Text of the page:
How do you follow up an almost flawless first issue of Doomsday Clock, that not only established a new status quo for the world of Watchmen but also seamlessly integrated a mystery involving Superman? Don’t forget with art and writing that feels like Moore and Gibbons never left.
Well, if you’re Geoff Johns and Gary Frank, having Rorschach eat Batman’s breakfast isn’t a bad place to start. But we’ll get to that.
Issue #2 of Doomsday Clock picks up right where we left Ozymandias, Rorschach, Marionette and Mime. Sticking with the classic 9 panel grid for most of this opening, we start in Nite Owl’s abandoned basement and are shown two interweaving stories. Mime and Marionette are carrying out a heist gone wrong some time in the past, and Rorschach and Veidt in the present debating the merits of trusting two hardened criminals to save the world.
The arrival of Dr. Manhattan during the heist is a fun unexpected moment that reveals why Marionette is such an integral part of Ozymandias’ plan. Whether or not he’s fully aware of why Manhattan spared Marionette’s life remains to be seen. It certainly appeared that Manhattan was hesitant to kill a pregnant woman. This contrast nicely echoes the Vietnam sequence of the original Watchmen where The Comedian demonstrates he has no such qualms.
Then it’s off to the DC universe without a moment to spare as the Watchmen’s world is nuked into oblivion. This whole segment felt rushed and convenient compared to the rest of the issue. Perhaps I was hoping for a more intricate system for travelling between dimensions than a throwaway of, “Oh, its ok, I’ve installed a new button in the Owl ship”.
However, this is only a minor gripe as I can understand that Johns is more interested in showing how these characters interact with the DC universe than how they get there. What’s more interesting is where the Watchmen initially land, in an almost exact reproduction of the funfair from The Killing Joke. It’s a nice nod to Alan Moore’s other DC work and potentially an indication of the way Johns intends to characterize Batman and the Joker for the rest of the story.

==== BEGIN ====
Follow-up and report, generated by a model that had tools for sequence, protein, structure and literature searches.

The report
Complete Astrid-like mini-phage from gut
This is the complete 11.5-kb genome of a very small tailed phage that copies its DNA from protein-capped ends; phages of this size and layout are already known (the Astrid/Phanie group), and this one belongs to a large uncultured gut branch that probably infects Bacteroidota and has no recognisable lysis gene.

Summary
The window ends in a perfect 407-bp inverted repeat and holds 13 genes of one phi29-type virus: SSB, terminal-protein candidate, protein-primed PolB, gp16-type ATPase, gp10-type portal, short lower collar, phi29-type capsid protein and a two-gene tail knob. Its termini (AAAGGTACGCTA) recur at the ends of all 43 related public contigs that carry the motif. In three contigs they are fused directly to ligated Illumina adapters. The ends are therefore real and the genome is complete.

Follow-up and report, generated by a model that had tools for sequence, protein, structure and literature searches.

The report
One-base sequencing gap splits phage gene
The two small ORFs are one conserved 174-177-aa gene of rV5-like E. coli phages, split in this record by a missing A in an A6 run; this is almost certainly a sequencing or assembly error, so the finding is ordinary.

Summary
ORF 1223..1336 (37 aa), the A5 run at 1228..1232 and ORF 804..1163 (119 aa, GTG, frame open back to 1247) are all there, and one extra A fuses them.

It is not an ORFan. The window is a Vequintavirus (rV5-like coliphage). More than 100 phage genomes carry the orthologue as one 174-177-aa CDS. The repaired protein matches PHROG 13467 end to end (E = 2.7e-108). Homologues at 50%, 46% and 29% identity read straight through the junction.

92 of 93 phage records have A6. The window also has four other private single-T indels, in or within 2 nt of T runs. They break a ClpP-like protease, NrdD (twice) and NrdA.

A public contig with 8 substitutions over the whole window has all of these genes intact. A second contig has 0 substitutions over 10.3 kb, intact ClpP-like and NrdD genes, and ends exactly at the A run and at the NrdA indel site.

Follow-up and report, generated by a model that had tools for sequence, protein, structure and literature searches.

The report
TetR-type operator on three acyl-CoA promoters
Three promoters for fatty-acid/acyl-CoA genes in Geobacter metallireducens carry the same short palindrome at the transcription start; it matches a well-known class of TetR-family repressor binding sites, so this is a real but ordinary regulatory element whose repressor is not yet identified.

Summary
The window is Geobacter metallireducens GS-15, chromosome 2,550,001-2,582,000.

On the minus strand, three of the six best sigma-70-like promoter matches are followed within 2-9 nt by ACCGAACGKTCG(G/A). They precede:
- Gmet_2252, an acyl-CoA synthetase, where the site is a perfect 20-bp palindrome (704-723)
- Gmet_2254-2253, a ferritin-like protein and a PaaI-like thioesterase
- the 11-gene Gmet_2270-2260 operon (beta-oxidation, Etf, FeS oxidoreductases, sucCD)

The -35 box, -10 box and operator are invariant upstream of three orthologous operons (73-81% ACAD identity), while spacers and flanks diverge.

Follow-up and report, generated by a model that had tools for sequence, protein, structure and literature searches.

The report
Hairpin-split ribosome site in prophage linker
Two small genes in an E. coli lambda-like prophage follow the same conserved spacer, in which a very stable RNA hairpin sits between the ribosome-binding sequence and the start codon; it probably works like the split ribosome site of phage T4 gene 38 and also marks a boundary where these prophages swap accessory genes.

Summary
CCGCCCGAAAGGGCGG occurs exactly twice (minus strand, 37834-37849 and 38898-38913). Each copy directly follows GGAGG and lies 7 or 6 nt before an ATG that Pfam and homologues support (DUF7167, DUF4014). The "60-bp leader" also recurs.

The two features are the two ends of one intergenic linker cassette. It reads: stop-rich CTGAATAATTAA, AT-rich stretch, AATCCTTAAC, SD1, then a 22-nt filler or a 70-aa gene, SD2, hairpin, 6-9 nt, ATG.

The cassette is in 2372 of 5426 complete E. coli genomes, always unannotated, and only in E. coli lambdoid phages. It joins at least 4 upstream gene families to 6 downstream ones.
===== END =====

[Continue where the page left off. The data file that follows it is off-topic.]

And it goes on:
Here is where our team splits, as Ozymandias and Rorschach attempt to recruit Bruce Wayne and Lex Luthor to their cause, whilst Mime and Marionette are restrained aboard the Owlship. At this point, Gary Frank’s art goes from good to great, as we are treated to some brilliant visual storytelling, mixing Watchmen inspired visual cues with Geoff Johns’ humour and wit. The Owlship bursting through the Bat Symbol and Rorschach’s exploration of Wayne Manor are particular highlights. Rorschach being distracted by a free breakfast leading to him notice a tell tale breeze under the grandfather clock is an amusing and appropriate way for that character to unearth Bruce Wayne’s big secret.
Ozymandias on the other hand has less luck convincing Luthor, who has reverted back to his evil business tycoon demeanor that readers have not seen since before Forever Evil. Luthor questioning Ozymandias’ intelligence after having the plot of Watchmen explained to him feels like Johns winking to the reader about the more ridiculous aspects of that series finale.
We are then left with not one, but three, cliffhangers as a seemingly resurrected Comedian attacks Luthor, Mime and Marionette escape into Gotham City, and Rorschach is confronted by a hungry Batman. Hopefully the Comedian’s appearance is not all it seems, as I feel that bringing back this character undermines the importance of his murder in the original Watchmen. Perhaps it’s tied to Ozymandias brain tumor. We can only wait and see.
Overall, this issue continues the high quality established by the first, with John’s doing an admirable job of echoing the writing style of Alan Moore and Gary Frank bringing beautiful and inventive imagery to every page. My only negatives being the protagonists convenient journey to Gotham and the reappearance of the Comedian, though these do not detract from the story overall. I look forward to seeing where this story goes next and how one gruff vigilante will come to terms with another gruff vigilante eating his pancakes.